When talking to DC area favorite DJ Baby Alcatraz, you immediately feel a breath of fresh air that seems like it’s sweeping the neon and glow sticks out of the room. Then you realize that’s just wind from feet on the dance floor caught up in the off-the-beaten-path rhythms of a smooth soul tune. Songs 50+ years old yet still able to get bodies on the dance floor – that’s where this DJ’s story begins.
In an era where computers play electronic bleeps, bloops and drops, seeing Baby Alcatraz’s name on a local lineup ensures that you’re probably going to hear something entirely different, and see a rare 45-rpm vinyl record – or 10 – along the way. A classic era throwback in a new age, she’s certainly worthy of our ears, feet and time.
Analog appreciation goes back a long way with Alactraz, known as Alyssa Bell when she’s not performing.
Alcatraz’s sets involve spinning 45-rpm vinyl record singles of rhythm and blues songs that were often released prior to 1970. Given that the typical DC partier of late places their date of birth sometime after 1990, her skill set presents an intriguing dichotomy. Alcatraz notes that “to have people dancing to those records when there’s much more familiar music being played at surrounding venues still inspires me.”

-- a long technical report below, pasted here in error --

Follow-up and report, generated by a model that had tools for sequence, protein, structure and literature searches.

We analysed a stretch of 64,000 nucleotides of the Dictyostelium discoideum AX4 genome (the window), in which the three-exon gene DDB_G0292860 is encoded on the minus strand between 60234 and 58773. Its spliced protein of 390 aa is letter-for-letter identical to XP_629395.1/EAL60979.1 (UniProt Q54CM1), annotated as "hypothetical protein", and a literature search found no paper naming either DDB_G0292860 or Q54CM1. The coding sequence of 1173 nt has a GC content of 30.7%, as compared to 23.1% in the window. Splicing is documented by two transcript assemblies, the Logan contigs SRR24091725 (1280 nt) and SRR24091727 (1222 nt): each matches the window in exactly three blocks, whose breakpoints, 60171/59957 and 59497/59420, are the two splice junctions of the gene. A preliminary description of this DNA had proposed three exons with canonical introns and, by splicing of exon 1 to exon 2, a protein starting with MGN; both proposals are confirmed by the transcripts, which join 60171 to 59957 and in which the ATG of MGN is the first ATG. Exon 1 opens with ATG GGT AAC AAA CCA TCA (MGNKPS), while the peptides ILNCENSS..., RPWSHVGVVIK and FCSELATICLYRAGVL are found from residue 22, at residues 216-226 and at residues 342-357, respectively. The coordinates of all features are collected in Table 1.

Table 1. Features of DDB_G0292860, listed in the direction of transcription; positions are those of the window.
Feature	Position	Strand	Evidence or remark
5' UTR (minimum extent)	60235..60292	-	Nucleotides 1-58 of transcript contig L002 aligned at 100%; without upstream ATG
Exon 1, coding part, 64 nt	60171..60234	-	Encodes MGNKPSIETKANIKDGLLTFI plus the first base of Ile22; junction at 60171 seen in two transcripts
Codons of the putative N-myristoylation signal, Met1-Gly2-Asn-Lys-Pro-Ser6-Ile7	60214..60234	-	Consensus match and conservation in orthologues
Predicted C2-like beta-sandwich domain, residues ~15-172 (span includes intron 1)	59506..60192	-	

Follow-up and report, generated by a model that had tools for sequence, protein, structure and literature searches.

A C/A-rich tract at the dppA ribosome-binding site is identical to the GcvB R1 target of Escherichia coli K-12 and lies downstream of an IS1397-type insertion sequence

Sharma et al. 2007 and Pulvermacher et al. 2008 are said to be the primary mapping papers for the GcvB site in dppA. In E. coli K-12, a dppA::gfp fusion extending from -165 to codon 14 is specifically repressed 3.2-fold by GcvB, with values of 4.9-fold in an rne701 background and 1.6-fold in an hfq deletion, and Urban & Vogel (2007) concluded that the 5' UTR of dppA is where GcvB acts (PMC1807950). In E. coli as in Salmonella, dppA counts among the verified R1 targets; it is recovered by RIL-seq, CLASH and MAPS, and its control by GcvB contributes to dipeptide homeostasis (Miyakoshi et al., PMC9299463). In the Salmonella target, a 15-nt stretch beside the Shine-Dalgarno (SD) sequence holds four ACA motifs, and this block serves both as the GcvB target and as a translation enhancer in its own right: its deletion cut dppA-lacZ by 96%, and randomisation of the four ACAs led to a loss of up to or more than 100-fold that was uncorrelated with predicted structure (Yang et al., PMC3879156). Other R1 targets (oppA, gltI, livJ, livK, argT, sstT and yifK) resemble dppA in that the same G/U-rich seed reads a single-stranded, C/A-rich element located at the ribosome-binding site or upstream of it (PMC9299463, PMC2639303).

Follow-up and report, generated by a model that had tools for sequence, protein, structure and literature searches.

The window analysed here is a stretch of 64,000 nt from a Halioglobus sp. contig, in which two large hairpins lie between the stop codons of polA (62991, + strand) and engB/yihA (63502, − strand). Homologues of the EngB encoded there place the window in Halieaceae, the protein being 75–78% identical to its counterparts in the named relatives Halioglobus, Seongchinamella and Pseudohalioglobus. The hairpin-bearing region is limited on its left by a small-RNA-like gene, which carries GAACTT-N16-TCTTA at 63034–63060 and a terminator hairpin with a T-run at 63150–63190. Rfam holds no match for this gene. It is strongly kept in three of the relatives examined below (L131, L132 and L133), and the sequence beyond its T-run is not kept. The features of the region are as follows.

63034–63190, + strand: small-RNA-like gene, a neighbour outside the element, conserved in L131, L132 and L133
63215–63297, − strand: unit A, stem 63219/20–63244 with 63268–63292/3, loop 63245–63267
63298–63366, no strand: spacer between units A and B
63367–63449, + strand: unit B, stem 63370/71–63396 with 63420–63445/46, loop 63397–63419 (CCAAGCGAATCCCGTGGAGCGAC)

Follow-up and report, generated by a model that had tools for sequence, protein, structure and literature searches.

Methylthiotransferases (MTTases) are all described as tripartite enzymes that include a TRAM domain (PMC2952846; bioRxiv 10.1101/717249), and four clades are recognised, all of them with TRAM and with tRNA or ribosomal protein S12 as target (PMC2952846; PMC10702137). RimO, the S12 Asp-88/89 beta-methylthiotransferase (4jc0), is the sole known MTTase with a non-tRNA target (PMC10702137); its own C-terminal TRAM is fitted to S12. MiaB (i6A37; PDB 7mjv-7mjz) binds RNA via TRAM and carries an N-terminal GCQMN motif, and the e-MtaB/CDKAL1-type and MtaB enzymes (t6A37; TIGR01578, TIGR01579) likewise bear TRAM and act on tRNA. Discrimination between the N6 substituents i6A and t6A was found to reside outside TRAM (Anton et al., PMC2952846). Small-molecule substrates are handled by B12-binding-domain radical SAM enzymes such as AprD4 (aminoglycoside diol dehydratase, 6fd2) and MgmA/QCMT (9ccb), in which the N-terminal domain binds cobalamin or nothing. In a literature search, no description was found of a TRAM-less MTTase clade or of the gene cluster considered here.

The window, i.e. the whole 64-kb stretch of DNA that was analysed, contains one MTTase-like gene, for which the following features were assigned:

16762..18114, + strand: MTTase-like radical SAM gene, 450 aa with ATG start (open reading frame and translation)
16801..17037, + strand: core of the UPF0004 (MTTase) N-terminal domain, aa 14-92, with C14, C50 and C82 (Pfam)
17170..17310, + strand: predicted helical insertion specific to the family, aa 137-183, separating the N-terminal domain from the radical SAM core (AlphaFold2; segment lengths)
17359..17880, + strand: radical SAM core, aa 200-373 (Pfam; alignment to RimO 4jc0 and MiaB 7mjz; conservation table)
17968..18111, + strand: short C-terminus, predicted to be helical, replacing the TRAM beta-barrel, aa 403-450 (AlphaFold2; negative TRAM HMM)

Alcatraz realizes that all-vinyl gigs are “not for everyone.” She’s had people leave her sets “because they didn’t hear exactly [what they wanted to hear].” To aid in branding who she is as a DJ and what she does behind the decks, she even has a “No requests” sign because people unfamiliar with all-vinyl DJing don’t always realize that she can only play the records she has with her on any given evening.
Sticking to her guns has allowed Alcatraz to join alongside a crew of vinylphiles including Ian “Name Names” Svenonius, Sean “Mad Squirrel” Hissey, Tariq “Pharaoh Haqq” and “Soul Call Paul” Vivari, who are all doing their best to keep classic era vibes locally relevant in the modern era. As well, her skills and talent have afforded her the chance to play gigs at venues as diverse as U Street’s Velvet Lounge and Brookland’s Dew Drop Inn to the Capital Fringe Festival and the Kennedy Center Atrium.
“I’m also still so happy that people know that I do this odd thing and still invite me to do just that at their venue, with zero input or suggestion that I do anything differently.”
In full, Baby Alcatraz has carved a unique niche in a difficult market to do so, and is thankful for the opportunity.
Follow DJ Baby Alcatraz on Twitter: @BabyAlcatraz
Photos: Tronster Hartley and courtesy of Baby Alcatraz’s Twitter account